These Pacific storms – which have been absent all winter – typically deliver about a third of our annual rainfall. While this one only puts a dent in our deficit, it is a welcome gift and a hopeful sign of good things to come.
So many have shared a prayer and a rain dance for our golden state. Thank you.
“Anyone who says sunshine brings happiness has never danced in the rain.”
Saturday, the skies turned dark, thunder clapped, and we were treated to a brief downpour – unseasonable for us this time of year. The garden is loving it.
With the cooler temperatures and extra drink, everything burst forth in bloom.
The light was different and the colors more subdued – but beautiful bathed in warm grey.
Love the sound of these wind chimes in the rustling trees. My idea of church.
I’m really pleased with how these drifts have developed.
Inspired by something I saw in Fine Gardening magazine, and purchased as 3″ plants from Digging Dog Nursery, they have grown to full size in one season and now provide a bridge from Ina’s Cottage and California gardens to Maria’s Herb and St. Francis beds.
I was very pleased to meet this gentleman as well.
His name is Renji and he is a total charmer. Wish he were mine! I suspect he’ll be scooped up quickly.
I heard a story on the radio today. Jerry Saltz, an art critic for New York magazine was talking about Jackson Pollock, the painter. When he made his first famous drip painting, he supposedly turned to his wife and asked: Is this a painting?
That’s how I feel about these. ‘Are these photographs?’ Or simply disasters?
I dunno. Something made me save them from the ‘delete’ folder. Maybe someday, my disasters will be as sought after as Pollocks’ drips. A girl can dream.
The sun will be back tomorrow…and you know where you’ll find me.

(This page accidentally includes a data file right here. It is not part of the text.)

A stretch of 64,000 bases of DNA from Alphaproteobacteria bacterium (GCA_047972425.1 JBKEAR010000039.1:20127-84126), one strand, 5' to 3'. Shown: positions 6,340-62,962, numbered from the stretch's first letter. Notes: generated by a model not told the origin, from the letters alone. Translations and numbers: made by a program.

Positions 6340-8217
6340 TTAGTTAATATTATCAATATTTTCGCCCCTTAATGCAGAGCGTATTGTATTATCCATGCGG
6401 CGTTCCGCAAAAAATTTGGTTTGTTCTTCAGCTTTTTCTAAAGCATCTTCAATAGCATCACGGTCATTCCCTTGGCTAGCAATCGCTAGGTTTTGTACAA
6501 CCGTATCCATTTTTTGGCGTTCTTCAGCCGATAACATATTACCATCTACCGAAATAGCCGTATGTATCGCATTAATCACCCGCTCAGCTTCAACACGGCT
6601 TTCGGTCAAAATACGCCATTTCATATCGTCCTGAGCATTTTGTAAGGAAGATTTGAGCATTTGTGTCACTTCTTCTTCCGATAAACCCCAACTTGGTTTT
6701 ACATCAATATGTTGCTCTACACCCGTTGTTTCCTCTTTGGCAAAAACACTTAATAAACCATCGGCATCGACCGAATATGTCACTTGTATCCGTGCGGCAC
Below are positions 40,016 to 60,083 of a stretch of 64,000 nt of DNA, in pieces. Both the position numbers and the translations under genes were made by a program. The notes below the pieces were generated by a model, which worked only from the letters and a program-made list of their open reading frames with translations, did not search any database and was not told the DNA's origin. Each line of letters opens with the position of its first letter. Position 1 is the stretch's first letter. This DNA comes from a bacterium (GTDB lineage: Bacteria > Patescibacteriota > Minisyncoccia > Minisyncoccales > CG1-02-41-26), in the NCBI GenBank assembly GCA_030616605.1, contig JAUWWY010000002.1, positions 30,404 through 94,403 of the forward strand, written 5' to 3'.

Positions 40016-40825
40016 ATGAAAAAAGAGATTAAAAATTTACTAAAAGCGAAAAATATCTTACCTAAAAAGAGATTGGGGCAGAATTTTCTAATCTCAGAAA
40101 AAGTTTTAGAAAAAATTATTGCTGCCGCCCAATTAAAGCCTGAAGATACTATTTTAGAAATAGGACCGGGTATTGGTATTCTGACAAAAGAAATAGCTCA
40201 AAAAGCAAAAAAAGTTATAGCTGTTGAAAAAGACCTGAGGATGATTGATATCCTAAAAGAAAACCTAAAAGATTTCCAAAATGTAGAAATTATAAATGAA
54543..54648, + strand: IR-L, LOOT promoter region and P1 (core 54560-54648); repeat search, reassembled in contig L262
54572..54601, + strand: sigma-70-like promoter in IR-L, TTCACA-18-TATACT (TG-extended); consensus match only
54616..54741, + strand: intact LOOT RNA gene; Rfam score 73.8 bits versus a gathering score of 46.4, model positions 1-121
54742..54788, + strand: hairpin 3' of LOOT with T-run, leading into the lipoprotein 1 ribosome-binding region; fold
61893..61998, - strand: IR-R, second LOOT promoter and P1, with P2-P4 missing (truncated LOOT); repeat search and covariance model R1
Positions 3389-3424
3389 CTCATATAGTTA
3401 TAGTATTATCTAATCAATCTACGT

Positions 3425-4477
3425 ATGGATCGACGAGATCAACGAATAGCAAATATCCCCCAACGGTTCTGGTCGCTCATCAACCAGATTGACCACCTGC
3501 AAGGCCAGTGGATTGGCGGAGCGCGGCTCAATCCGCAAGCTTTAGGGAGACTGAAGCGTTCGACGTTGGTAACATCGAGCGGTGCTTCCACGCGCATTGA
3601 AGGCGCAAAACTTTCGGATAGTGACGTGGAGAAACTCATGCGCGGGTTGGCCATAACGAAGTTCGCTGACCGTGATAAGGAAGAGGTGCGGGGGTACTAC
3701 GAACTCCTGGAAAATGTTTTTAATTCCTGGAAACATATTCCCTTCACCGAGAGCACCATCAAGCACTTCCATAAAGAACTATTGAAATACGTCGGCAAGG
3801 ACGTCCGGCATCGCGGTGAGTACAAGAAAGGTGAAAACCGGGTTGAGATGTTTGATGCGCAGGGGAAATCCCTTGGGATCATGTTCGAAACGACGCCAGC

Walking dogs between rain storms provided a chance to spend some time in Homeward Bound’s other eight acres – beyond the Memorial Garden. Here are a few vignettes from the pond which has overflowed its banks, and a very soggy landscape. This is what winter looks like in the Sacramento Valley. Good thing dogs can paddle!
“Some people walk in the rain, others just get wet.” ~ Roger Miller
Day three of five, of pretty much non-stop showers, punctuated by downpours.
The garden is a pond at the moment, but at least the water is in the paths – the beds having been built up with soil and mulch.
Everything seems humbled and bowed in the garden;
no point in putting things right with the fiercest of the storms due tomorrow. We’ll just wait, watch and deal with it when it clears.
But the rain will not dampen our spirit at Homeward Bound.
The feeders, walkers, cleaners, groomers and more were still out in force – covered in muck. We walk in the rain; the dogs don’t seem to mind.
Even Santa put in an appearance! Annually, he takes time out of his busy schedule for holiday photos of the dogs with homes in support of dogs without…rain or shine.
Many thanks to our photographer Eric Schuman, who’s much-better photos will grace our holiday album.
A full, wet, windy day of juggling pups leaves even Santa tired!
This is what the moon looked like a couple of nights ago. (I’m not very good at moon photos, yet – but the sky is what I really want you to focus on. You’ll see why.)
It’s a good thing I dug the Dahlia’s up.
Because this is the result of the first two out of three storms we are experiencing. Our poor Homeward Bound Memorial Garden. Not to mention the soggy doggy runs.
They call it the “Pineapple Express,” or “atmospheric river” – a much more descriptive term, I think. Warm air and moisture move in from the Hawaiian Islands, and dump all over the Central Sacramento Valley and Sierras. What melts in the mountains travels downhill to us, compounding the wet mess.
I can hardly wait to see what the third, and strongest, has in store for us. Does anyone have an Ark?